The Washington Post reports that the surgical intervention, deep brain stimulation (already approved to treat epilepsy and Parkinson’s), has been used to treat drug addiction. Gerod Buckhalter allowed surgeons to cut two nickel-size holes in his skull and plunge metal-tipped electrodes into his brain. The electrodes produce electrical impulses that regulate the brain and affect the chemicals and reactions within the brain. “Buckhalter still requires anti-drug mediation, counseling, and Narcotics Anonymous meetings. He still experiences cravings, depression, and the anxiety that drove his drug use, but for more than 600 days after he underwent the experimental surgery, Buckhalter has not touched drugs again.”
My reaction: When my son was in active addiction, I searched for a ‘silver bullet’ to cure the disease. I wanted a pill, a person, something or someone to cure him. There was nothing.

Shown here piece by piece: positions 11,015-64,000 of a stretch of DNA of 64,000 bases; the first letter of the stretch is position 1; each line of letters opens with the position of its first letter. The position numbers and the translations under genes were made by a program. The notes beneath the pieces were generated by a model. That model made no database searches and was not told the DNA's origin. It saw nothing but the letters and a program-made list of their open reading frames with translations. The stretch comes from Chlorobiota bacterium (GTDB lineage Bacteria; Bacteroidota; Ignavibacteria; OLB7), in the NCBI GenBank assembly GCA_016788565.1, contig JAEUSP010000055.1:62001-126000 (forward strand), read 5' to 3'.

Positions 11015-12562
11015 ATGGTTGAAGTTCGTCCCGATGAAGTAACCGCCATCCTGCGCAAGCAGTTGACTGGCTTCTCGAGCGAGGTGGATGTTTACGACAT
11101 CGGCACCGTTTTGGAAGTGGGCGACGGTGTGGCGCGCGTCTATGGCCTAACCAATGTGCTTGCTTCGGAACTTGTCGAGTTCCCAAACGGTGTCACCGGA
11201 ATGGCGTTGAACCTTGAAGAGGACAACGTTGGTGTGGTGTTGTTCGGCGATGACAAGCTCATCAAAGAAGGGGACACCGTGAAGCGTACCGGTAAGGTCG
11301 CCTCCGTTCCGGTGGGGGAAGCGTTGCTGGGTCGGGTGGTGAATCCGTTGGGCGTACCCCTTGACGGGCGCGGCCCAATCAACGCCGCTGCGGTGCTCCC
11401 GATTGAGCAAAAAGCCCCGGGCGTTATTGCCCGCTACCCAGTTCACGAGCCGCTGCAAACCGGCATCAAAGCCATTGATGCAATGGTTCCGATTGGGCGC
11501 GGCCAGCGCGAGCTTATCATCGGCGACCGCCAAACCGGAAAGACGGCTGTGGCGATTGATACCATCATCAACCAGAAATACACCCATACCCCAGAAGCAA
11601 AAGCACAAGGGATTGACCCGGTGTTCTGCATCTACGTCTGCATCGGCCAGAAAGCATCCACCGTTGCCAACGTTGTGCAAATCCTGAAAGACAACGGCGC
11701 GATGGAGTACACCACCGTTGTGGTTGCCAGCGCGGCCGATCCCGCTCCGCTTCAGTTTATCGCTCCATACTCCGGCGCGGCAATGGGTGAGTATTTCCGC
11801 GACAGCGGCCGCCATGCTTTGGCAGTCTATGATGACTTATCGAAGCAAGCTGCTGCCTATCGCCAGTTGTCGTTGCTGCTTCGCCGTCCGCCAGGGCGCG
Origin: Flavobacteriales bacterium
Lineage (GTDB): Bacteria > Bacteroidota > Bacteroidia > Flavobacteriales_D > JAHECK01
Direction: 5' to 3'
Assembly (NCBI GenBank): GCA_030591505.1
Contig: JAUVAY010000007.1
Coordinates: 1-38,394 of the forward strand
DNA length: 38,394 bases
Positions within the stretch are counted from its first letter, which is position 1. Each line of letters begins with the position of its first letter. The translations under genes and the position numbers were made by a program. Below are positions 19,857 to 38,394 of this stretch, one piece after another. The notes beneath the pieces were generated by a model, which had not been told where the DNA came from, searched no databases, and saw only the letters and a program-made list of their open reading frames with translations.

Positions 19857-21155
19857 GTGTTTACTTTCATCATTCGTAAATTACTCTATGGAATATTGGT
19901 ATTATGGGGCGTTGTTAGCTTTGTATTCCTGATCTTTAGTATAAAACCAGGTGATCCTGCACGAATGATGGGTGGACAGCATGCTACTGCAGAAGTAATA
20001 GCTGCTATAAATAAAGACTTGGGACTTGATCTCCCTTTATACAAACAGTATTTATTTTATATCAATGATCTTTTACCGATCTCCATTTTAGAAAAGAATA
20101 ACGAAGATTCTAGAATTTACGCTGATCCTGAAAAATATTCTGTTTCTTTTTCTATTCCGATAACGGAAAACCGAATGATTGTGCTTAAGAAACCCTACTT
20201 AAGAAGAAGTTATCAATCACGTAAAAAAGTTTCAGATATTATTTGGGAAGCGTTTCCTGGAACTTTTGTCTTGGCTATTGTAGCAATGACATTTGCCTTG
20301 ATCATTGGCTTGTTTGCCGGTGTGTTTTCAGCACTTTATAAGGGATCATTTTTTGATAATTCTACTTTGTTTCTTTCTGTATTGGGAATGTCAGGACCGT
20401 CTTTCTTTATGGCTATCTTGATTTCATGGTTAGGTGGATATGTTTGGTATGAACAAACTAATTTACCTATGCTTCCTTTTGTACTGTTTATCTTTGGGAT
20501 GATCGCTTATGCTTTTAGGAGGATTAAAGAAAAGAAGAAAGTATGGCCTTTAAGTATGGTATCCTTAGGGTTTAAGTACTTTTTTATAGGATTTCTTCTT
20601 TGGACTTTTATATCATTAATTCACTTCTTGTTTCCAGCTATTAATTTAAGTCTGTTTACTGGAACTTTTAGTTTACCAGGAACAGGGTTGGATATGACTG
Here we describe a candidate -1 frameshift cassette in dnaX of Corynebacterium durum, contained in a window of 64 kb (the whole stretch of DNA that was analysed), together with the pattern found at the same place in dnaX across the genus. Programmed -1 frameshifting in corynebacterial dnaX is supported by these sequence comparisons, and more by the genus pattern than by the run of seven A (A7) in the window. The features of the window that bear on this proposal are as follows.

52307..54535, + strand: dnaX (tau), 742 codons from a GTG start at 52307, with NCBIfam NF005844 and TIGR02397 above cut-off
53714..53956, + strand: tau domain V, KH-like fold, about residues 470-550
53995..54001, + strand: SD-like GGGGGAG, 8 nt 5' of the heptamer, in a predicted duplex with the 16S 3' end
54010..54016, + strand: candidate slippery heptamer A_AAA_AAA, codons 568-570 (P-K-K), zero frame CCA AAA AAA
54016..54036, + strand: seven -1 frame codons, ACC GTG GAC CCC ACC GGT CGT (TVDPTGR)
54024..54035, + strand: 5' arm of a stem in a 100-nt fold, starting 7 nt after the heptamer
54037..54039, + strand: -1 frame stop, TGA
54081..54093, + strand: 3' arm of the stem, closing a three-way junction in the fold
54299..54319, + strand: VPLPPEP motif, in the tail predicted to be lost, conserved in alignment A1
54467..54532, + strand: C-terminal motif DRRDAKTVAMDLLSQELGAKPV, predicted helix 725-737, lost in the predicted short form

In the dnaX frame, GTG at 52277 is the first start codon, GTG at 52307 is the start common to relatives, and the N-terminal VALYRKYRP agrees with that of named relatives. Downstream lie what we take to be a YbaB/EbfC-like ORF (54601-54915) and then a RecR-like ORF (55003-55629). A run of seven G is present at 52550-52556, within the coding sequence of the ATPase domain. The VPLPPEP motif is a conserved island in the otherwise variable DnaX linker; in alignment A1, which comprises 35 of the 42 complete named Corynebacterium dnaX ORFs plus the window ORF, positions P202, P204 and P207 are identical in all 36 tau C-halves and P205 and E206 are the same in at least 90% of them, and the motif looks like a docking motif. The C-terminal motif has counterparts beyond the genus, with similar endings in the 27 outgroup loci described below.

Today’s Promise to consider: Research is shedding light on the disease of addiction and identifying methods for curbing or stopping drug abuse. Deep Brain Stimulation might become a viable option in the future, but according to Ali Rezai, director of the Rockefeller Neuroscience Institute at West Virginia University, who performed Buckhalter’s surgery, “This is not a magical cure. And it’s not going to work for everybody. This is a treatment that allows you to dial down the anxiety, improve the mood, make people more in charge of their bodies, make them less fragile and susceptible.” For my son, recovery was a slow build as he worked the steps, developed a relationship with a higher power, and fellowshipped with others living in the solution. Medical treatments are increasingly effective, but I believe they must be paired with the painstaking process of working a program.